Time rolls slow as freight trains through Garfield. Used to notice them, but the whole city’s been trapped by tracks for so long the whistles became silent. There’re signs everywhere warning people about them; they put up a fence down the tracks so people might not walk down them anymore, like I used to. They just put up some more signs. This time the kid didn’t see it coming; he had earplugs in and was trying to cross with his bike. The gates never came down. I think he was 11. Now there’s a little memorial leaning against a phone pole next to all the signs; some flowers and candles, a little framed picture.
I remember when the teacher walked in front of the train; it was a big deal in the city. He was flirty with the girls in high school and maybe took it a step or two too far; never got the trial, never found out. The day he was supposed to be arrested he took his final step. Police were searching near my house looking for missing parts. I never saw any. His corpse was given a parade around town, the girls were ignored. Before him it was a teenager. After him a man in his 30s. I guess we average ‘bout 1 a year.
Once it was a guy who got into an argument with his girlfriend and made a decision. Another time it was a grandmother who was hard of hearing, gates malfunctioned and didn’t come down; no warning. A long time ago it was a friend’s brother, choice.
Read an article once about the tracks, how the conductors call it “Suicide Alley”. They hold their breath while driving through the 2 mile steel noose, hoping it doesn’t tighten around them.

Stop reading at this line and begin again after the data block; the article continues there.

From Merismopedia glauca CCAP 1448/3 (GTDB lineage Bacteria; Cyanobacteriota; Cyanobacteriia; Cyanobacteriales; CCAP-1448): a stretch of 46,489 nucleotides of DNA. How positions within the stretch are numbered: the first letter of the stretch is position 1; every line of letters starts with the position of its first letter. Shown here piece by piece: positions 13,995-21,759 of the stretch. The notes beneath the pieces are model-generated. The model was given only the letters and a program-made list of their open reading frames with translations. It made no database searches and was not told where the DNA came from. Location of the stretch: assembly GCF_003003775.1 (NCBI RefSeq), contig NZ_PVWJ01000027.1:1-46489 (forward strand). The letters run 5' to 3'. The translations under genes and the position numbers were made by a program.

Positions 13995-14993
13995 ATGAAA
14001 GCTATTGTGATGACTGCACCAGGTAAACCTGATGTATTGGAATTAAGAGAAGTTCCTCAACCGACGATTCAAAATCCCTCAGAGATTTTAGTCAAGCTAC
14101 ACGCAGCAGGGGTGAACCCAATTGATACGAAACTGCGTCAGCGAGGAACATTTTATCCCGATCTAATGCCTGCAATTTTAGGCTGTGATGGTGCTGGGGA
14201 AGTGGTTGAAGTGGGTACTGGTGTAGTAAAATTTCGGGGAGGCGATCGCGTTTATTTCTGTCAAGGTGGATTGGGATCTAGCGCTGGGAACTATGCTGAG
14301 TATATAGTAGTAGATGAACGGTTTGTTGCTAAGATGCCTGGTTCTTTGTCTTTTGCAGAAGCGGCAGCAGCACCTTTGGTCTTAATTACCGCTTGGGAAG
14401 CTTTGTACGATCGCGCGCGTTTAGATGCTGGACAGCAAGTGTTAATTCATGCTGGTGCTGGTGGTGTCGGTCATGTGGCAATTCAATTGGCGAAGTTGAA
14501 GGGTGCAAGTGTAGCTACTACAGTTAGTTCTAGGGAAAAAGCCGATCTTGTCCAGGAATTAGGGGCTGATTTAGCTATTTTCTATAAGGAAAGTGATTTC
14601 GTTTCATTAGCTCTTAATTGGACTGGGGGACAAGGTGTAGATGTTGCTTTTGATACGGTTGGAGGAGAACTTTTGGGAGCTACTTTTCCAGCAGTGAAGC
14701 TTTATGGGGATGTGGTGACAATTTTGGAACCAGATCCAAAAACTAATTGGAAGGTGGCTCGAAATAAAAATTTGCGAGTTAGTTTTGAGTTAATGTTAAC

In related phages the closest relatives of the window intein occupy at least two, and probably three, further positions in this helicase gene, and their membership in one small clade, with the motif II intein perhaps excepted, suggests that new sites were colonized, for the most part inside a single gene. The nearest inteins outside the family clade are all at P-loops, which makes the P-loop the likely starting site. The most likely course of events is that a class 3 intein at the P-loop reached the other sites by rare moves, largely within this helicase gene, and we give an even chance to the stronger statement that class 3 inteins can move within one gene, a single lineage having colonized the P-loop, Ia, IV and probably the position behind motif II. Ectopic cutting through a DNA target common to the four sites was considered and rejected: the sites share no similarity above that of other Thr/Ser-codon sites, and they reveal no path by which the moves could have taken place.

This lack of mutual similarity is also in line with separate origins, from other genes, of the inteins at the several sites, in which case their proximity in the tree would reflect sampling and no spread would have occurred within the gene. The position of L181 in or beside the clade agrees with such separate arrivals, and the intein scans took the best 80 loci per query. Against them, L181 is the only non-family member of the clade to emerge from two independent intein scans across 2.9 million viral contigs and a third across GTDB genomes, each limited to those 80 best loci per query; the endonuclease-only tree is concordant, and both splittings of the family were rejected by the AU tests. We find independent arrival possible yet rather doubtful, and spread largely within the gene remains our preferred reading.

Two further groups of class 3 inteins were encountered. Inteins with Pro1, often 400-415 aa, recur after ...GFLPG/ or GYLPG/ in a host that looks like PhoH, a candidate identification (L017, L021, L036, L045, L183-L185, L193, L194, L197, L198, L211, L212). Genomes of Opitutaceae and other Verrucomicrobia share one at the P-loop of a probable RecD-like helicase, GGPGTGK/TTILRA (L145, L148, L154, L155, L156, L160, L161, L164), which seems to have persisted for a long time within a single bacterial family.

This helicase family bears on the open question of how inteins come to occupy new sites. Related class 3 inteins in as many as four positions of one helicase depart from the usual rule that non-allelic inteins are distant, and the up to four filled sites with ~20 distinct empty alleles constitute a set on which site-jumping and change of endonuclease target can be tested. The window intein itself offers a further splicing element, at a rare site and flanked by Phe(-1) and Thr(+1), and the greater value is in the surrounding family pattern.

The whole town gets quiet when it happens. People whisper what they know to each other, afraid it’s true.
I heard. Oh, no.
I used to walk down the tracks to get home from school or just to walk; there were some old train cars near the baseball field where I’d go and be by myself when I was 15. I’d sit on top and watch them pass, or put some rocks on the tracks and watch them fly. Other days, with other people around, we’d put pennies on the track and search for them all flattened and hot once the trains left. Maybe a few times I thought what it’d be like to get hit by one but never thought to do it.
Wonder what it takes. Wonder what that little boy thought, if anything. The last thing you see is a bright light and steel. Last thing you hear’re howls from the silent whistle; it’s a helluva thing. Wonder how the conductors doing. Wonder if any cars were passing when it happened, or if anybody was nearby at all. Can’t imagine any of it. Just think of words and darkness and my own memories. But not that.
Every time I’m caught by these gates waiting for the train to pass, I can’t help but stare at that memorial. Picture in the frame looks faded from the car, can’t keep all that rain and snow out; too many seasons passed. People still come by, I don’t see them though. The flowers always look fresh. Candles are lit half the time. Gate rises, I go. Maybe tomorrow I’ll take a different way, cross the tracks at Van Winkle. Look at a different memorial. Caught by the same memories. Maybe I won’t catch the train. Maybe I won’t have to think.